And if you’re going to include the one you should, as a matter principle, be open to including the other. “Since Enbridge is relying on the economic benefits of the oil sands and its one of the reasons to approve this then you must equally consider the environmental impacts of the oil sands,” he continued.
The premise of Enbridge’s Project Application submitted by the Northern Gateway Pipelines Limited Partnership falls entirely upon the benefits the pipeline will bring to tar sands development. The pipeline is in no way a standalone project; its contribution to the tar sands economy is its only measure of success.
And that is why the Partnership’s application relies so heavily on the projected economic benefits the pipeline will bring to the tar sands.
In the words of the Partnership:
“There is a clear opportunity to link, by new pipelines and marine transportation, regions of rapid demand growth with new, secure supplies of oil, such as those that are increasingly available from Canada’s oil sands. The Enbridge Northern Gateway Project (the Project) will create that link by connecting to suppliers of oil delivered at the Edmonton hub…”
“…As nations continue to develop and grow, oil sands supply will continue to respond by increasing production. It is critical, however, that oil sands producers can access new global markets to support their development so that Canada obtains full value for its secure oil production…”
“…Enbridge’s Gateway Project is an important part of Canada’s energy future and will help ensure there is enough capacity to transport new oil from Canada’s oil sands in the years to come…”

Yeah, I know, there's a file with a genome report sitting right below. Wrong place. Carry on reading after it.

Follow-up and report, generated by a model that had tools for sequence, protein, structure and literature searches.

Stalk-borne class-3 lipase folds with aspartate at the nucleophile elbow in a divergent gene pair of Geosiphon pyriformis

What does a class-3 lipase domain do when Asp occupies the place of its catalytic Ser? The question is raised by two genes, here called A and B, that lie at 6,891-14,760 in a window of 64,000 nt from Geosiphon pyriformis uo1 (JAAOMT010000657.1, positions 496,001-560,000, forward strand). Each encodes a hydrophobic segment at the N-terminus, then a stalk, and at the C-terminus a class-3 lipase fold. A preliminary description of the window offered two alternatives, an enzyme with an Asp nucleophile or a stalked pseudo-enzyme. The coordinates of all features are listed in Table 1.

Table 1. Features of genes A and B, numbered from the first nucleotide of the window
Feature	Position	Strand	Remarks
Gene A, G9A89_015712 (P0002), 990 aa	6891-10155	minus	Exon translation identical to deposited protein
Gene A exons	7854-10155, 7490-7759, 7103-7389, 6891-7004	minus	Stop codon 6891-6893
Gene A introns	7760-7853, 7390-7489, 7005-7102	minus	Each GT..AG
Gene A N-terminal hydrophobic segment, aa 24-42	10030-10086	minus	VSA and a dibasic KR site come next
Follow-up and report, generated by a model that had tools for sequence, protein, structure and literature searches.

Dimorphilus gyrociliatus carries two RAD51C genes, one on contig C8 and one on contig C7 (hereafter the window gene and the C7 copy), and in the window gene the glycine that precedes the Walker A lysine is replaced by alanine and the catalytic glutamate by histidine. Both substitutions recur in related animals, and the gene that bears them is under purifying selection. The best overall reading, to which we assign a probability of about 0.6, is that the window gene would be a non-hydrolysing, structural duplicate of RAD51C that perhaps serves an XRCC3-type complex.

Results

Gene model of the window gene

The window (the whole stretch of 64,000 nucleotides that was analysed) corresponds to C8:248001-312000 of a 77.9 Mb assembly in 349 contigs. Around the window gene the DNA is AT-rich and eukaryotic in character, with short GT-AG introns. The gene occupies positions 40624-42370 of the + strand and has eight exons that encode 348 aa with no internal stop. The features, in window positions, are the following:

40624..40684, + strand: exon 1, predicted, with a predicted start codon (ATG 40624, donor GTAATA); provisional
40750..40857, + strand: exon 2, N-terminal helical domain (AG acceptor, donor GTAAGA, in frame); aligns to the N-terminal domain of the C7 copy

EcoJustice challenged the NEB’s disingenuous claim that there is no “significant direct connection” between the Northern Gateway proposed pipeline and “existing or proposed tar sands development.”
But EcoJustice’s appeal is something the National Energy Board refused to reconsider, twice.
“Early in the panel process we formed a letter on behalf of the three groups [pushing] that the environmental impacts…should be considered…Then the panel came out with…the panel decision and they declared that ‘no, we are not including upstream impacts.’ We subsequently submitted a formal motion to the panel, arguing that the upstream impacts should be included…and they once again decided that the impacts are outside the scope of what the hearing will consider,”Robinson told DeSmogBlog.
The apparent double standard on NEB‘s part here is clear: Gateway supporters are welcome, while critics who bring up the larger issue of the tar sands are muzzled.
From a legal perspective, says Robinson, “the panel, particularly in its role as a National Energy Board panel, has to decide if the project is in the public interest…and they are required to balance both the benefits and the burdens of the project.”
Legality, however, might have little to do with it, says Paquet. “It’s just one of those issues where justice and the law aren’t necessarily going to be the same.”
**Editor’s Clarification Feb 9th: Carol didn’t intend to suggest that EcoJustice’s Barry Robinson used the phrase “strategically biased.” That was her choice of words. We have stricken that and replaced it with ‘unbalanced’ to more accurately reflect Mr. Robinson’s position.
Mr. Robinson issued the following statement for additional clarification:
“It is unfortunate the Joint Review Panel decided not to include upstream impacts in the scope of its review, as Ecojustice believes a balanced approach to the review process should include an equally weighted assessment of all the environmental impacts and economic benefits of the proposed pipeline. But while I and others may disagree with the Panel’s position with respect to the balancing of environmental impacts and economic benefits, I would not say their decision has rendered the hearing process as a whole “strategically biased.” The JRP review process is supposed to be rooted in facts and science – as the Panel itself recently affirmed – and remains the most transparent way to assess whether the project has merit for Canadians, or poses too many unnecessary risks.”